Transport et mobilité urbaine


Clémence Fandoux | March 23rd, 2021

As part of the comparative study that Poly-Monde mission is leading between Canada, Singapore and Taiwan on transportation and urban mobility, the team met with the giant of transportation servicer: Uber. The American technology company develops and operates mobile applications that connect users with drivers who provide transportation services. Founded in 2009 under the name UberCab, the company now offers its users much more than just rides. They are working to bring the future closer with self-driving technology and urban air transport, helping people order food quickly and affordably, removing barriers to healthcare, creating new freight-booking solutions, and helping companies provide a seamless employee travel experience (Uber, 2021).

To better understand how Uber manages its operations, we met several experts who work for the company.

Launching a major city, with Michael Van Hemmen - Head of Cities in Vancouver

The first questions one asks and answers one needs to find for knowing how to launch a ridesharing application in a city are :

  • What is needed to launch ridesharing successfully? An application, an authority to operate, insurance, drivers and riders demands;
  • Because it's a competitive launch: what should we focus on? Drivers;
  • What is conversion? And why does it matter? Because we need to focus on people getting from awareness consideration and signing up, and once the signup, we have access to their email address and phone number so we can help them through the process of the flannel.

To answer these questions more precisely, you must first segment and know your market perfectly. Indeed, mastering your market contributes to the success of integrating the product in a larger area: the more saturated geographic coverage you have, the more you have faster pickups, fewer drivers in town and lower prices, which contribute to the increase in demand. And as the demand grows, the number of drivers also increases, expanding geographic coverage saturation.

Safety at Uber during COVID-19, with Joanne Wong - Head of Safety

Safety of ridesharing is having policies for accidents, violence and theft and regulation for personal protection about COVID and having a hotline to assist at any time. 

In this time of COVID, Uber had to find a policy for mask-wearing:

  • Drivers and riders have to agree to the community guideline; 
  • Real-time selfie;
  • Having a good and rigorous review of all reports;
  • A strict policy: mask-wearing is now a mandatory norm.

For the future, Uber is wondering what they have to do if people get vaccinated, and they think they no longer need a mask. They need to prepare to know the impacts on their business and what the privacy and security issues will be.

Uber Eats: Scaling during a pandemic, with Joey Pateman - Sr Operations Manager

The pandemic has accelerated the food delivery market. In fact, Uber Eats, like others same-day or next-hours delivery companies, saw a massive growth

as a result of the pandemic. It will not be surprising to read in their annual report that their incomes have doubled in the near future.

But this market has a more complex business model than ridesharing because of the regulation and the sizeable B2B component: the consumer, the delivery person and the restaurant. So it’s not like people only need to sign up on an app; they have to sign contracts with businesses.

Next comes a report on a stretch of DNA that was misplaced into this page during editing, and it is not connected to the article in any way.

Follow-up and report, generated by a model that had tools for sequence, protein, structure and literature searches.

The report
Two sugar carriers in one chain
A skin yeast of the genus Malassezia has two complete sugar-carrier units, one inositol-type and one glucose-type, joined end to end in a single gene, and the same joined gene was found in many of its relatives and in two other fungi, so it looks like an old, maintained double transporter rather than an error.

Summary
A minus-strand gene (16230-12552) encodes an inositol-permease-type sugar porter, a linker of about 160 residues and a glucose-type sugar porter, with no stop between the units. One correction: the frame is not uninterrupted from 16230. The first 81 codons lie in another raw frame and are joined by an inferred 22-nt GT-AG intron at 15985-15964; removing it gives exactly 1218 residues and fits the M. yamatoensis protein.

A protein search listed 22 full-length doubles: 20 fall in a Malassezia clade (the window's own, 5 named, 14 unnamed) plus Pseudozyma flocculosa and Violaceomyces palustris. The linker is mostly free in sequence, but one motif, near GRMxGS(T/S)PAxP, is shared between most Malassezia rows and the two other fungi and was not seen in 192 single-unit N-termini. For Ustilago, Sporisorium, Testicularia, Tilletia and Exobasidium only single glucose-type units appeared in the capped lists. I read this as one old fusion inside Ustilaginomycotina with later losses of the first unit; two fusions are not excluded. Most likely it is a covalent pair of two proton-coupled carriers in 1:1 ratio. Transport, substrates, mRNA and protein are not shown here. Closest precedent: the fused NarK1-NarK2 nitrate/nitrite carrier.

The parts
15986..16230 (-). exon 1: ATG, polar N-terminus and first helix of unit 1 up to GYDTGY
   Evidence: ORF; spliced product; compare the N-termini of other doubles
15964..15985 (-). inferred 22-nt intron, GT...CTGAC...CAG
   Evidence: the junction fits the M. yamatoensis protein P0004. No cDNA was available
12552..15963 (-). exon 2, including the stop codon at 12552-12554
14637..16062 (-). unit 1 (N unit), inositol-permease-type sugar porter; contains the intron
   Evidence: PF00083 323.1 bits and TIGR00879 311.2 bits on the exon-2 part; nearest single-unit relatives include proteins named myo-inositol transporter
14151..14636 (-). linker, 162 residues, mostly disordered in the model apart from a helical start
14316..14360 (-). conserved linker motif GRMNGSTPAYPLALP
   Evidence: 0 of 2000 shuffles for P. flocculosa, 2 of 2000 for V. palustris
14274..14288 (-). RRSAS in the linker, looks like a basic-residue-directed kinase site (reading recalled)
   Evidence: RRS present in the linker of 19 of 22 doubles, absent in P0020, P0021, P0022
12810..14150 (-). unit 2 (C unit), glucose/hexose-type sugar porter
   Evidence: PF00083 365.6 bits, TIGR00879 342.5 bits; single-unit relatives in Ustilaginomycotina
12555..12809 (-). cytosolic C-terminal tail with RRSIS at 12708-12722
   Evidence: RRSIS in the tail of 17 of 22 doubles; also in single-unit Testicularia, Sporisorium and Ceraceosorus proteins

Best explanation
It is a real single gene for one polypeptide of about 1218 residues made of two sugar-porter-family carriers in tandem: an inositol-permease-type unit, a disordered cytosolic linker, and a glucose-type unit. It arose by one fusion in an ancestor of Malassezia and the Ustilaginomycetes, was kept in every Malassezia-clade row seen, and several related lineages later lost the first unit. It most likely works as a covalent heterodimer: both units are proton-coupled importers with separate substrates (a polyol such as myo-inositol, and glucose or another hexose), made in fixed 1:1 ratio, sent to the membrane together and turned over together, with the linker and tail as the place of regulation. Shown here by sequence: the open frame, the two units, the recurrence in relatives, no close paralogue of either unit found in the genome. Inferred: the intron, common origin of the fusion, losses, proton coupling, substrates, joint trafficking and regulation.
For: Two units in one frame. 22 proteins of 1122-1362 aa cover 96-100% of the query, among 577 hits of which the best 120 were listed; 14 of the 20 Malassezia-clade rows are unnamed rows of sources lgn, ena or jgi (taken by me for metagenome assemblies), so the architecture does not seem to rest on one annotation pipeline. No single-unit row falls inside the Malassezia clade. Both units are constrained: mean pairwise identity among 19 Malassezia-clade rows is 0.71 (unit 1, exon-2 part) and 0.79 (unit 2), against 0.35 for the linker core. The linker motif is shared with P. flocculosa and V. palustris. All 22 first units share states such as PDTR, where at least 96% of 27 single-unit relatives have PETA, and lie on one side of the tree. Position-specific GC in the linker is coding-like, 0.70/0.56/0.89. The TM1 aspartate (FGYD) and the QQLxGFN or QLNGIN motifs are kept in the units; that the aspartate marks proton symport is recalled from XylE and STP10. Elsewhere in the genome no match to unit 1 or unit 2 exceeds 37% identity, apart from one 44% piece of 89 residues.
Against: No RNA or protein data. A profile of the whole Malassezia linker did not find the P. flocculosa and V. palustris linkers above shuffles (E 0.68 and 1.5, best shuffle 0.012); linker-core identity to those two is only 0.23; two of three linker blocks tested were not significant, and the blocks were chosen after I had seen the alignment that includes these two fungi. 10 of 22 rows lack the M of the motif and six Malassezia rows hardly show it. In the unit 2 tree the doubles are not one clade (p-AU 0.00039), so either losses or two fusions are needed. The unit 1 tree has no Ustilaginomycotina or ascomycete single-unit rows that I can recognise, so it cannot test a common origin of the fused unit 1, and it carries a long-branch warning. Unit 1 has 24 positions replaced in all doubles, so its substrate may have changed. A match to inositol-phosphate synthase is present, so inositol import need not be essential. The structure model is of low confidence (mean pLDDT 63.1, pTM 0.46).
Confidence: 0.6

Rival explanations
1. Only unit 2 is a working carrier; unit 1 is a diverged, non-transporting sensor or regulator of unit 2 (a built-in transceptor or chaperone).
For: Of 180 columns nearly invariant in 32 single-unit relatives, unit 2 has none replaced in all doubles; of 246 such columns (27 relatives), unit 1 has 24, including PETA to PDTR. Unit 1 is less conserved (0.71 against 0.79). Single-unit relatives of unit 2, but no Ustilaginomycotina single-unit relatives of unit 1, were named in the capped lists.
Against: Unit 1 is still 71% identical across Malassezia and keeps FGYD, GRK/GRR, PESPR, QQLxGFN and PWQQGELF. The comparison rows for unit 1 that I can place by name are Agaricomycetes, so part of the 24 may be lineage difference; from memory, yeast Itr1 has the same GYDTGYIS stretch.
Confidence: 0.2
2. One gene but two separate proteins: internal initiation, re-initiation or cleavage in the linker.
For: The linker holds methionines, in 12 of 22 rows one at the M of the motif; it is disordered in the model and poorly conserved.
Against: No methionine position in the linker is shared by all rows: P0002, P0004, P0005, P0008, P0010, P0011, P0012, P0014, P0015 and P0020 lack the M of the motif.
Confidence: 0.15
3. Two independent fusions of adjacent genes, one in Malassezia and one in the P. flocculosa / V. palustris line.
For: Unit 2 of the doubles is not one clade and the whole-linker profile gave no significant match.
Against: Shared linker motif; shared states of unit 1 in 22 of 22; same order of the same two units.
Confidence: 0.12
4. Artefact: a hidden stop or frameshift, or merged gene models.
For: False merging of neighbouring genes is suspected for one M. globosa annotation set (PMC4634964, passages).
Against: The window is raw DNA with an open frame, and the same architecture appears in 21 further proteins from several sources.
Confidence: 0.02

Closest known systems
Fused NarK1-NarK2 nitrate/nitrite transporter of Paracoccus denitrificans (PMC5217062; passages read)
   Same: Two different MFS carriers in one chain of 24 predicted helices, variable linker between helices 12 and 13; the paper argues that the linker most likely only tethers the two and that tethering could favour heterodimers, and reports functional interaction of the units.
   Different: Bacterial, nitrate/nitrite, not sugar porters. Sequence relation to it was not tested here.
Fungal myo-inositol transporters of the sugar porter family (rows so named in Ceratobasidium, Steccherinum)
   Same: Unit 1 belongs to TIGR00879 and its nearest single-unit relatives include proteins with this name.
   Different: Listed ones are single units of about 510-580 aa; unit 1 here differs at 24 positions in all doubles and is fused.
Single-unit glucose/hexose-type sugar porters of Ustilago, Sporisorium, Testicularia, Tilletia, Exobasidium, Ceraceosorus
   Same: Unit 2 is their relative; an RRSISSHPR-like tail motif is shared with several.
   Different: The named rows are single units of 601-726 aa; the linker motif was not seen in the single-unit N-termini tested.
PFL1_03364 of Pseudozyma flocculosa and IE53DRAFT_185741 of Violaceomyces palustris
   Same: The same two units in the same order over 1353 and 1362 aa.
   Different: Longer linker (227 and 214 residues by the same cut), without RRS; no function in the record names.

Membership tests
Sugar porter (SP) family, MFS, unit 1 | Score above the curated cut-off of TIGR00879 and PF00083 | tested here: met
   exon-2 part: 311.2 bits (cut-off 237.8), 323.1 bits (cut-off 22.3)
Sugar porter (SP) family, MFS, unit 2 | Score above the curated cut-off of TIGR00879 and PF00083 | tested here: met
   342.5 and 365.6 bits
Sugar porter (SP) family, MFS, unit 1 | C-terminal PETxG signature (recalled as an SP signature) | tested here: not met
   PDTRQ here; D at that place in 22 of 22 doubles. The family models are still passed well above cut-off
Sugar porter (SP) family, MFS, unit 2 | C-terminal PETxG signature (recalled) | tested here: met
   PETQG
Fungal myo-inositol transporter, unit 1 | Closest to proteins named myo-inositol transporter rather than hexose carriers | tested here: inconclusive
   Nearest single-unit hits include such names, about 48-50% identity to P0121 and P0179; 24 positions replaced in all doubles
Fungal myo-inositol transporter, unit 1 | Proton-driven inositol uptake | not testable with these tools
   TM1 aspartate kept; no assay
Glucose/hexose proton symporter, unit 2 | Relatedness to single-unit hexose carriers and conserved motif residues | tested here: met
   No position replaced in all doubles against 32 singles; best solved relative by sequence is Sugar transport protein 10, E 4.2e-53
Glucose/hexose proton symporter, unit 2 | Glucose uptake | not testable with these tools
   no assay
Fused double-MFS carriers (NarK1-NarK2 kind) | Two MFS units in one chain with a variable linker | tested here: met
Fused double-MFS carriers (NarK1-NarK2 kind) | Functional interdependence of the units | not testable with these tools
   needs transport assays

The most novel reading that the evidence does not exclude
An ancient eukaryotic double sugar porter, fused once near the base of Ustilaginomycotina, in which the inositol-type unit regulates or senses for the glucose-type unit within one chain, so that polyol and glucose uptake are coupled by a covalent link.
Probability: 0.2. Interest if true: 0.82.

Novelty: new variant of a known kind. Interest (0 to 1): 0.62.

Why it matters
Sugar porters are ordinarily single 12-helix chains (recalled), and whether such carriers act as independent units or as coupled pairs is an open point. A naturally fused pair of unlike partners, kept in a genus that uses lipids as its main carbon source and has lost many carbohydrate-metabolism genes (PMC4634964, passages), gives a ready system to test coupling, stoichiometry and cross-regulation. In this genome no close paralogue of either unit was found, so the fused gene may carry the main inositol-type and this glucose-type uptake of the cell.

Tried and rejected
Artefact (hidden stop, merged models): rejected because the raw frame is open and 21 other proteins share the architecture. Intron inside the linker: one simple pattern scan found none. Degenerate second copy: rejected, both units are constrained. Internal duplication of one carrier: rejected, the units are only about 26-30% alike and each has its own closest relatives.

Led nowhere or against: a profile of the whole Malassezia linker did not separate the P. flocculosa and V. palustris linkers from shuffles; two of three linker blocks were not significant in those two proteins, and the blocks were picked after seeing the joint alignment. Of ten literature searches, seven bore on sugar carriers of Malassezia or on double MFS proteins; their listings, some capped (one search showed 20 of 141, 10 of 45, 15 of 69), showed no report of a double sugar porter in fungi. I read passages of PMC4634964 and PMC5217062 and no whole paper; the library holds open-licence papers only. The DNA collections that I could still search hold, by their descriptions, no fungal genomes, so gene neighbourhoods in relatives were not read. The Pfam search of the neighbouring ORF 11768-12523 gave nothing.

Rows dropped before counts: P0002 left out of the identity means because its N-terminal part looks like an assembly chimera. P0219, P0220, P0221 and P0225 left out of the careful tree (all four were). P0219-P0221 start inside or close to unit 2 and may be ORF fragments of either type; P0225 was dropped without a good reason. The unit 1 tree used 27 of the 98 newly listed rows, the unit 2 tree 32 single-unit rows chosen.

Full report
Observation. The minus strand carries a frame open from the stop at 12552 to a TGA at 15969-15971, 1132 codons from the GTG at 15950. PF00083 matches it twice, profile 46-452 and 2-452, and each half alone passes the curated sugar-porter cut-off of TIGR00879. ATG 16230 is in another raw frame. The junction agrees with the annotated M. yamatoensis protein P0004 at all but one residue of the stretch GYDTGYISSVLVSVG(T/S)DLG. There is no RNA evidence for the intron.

COVID-19 had brought to Uber Eats all the restaurants and chains that refused in the past to join the platform. The pandemic forced Uber to take all the necessary actions to increase its number of delivery drivers and ensure their safety by distributing masks hydro-alcoholic and gel and being remotely connected with them. 

Sustainability at Uber,  with Brendan Acs - Sr Operations Manager

In the middle of the pandemic, UberGreen has been launched in 14 cities and recently in Montreal and Quebec on Thursday 22nd of April on the Earth Day.

Uber Green is a low-emission ride option that connects you with hybrid and fully electric vehicles.

To lead the way toward a greener future, Uber is focusing on four areas:

  • Offering more ways to drive green; 
  • Helping drivers go electric;
  • Partnering to fight climate change;
  • Making transparency a priority.

Uber is committing more than $800 million to help drivers transition to battery electric vehicles by 2025. The platform is also investing in a multimodal network, partnering with local agencies like Transit, integrating Lime bikes and scooters into the Uber app and expanding nonstop shared rides—a last-in, first-out carpooling option, when and where it is safe to do so.

Moreover, in 2040 Uber wants to offer millions of rides a day with zero-emission because “as the largest mobility platform in the world, we know that our impact goes beyond our technology. We want to do our part to build back better and support a green recovery in our cities and communities.” said Dara Khosrowshahi, Uber CEO.

Uber in Québec, with Anton Sakiz - Sr Operations Manager and Jonathan Hamel - Public Affairs Manager

Quebec’s urban mobility market differs significantly from its other Canadian counterparts due to legislation, public opinion, and electric car integration. Even though Uber has been operating under pilot projects since October 2016, and permanently regulated since October 2020, many Quebecers remain unsure whether the service is regulated.

To prove its trustworthiness, Uber is increasing its presence by partnering with Aéroports de Montréal and event organizers, such as the Formula 1 Canadian Grand Prix, to meet operational challenges and manage the traffic of people.

Moreover, Quebec’s ridesharing market has different competitive dynamics than other provinces. Unlike Ontario and B.C., Lyft has not launched in Quebec, but there are significant local players such as Téo Taxi and Eva.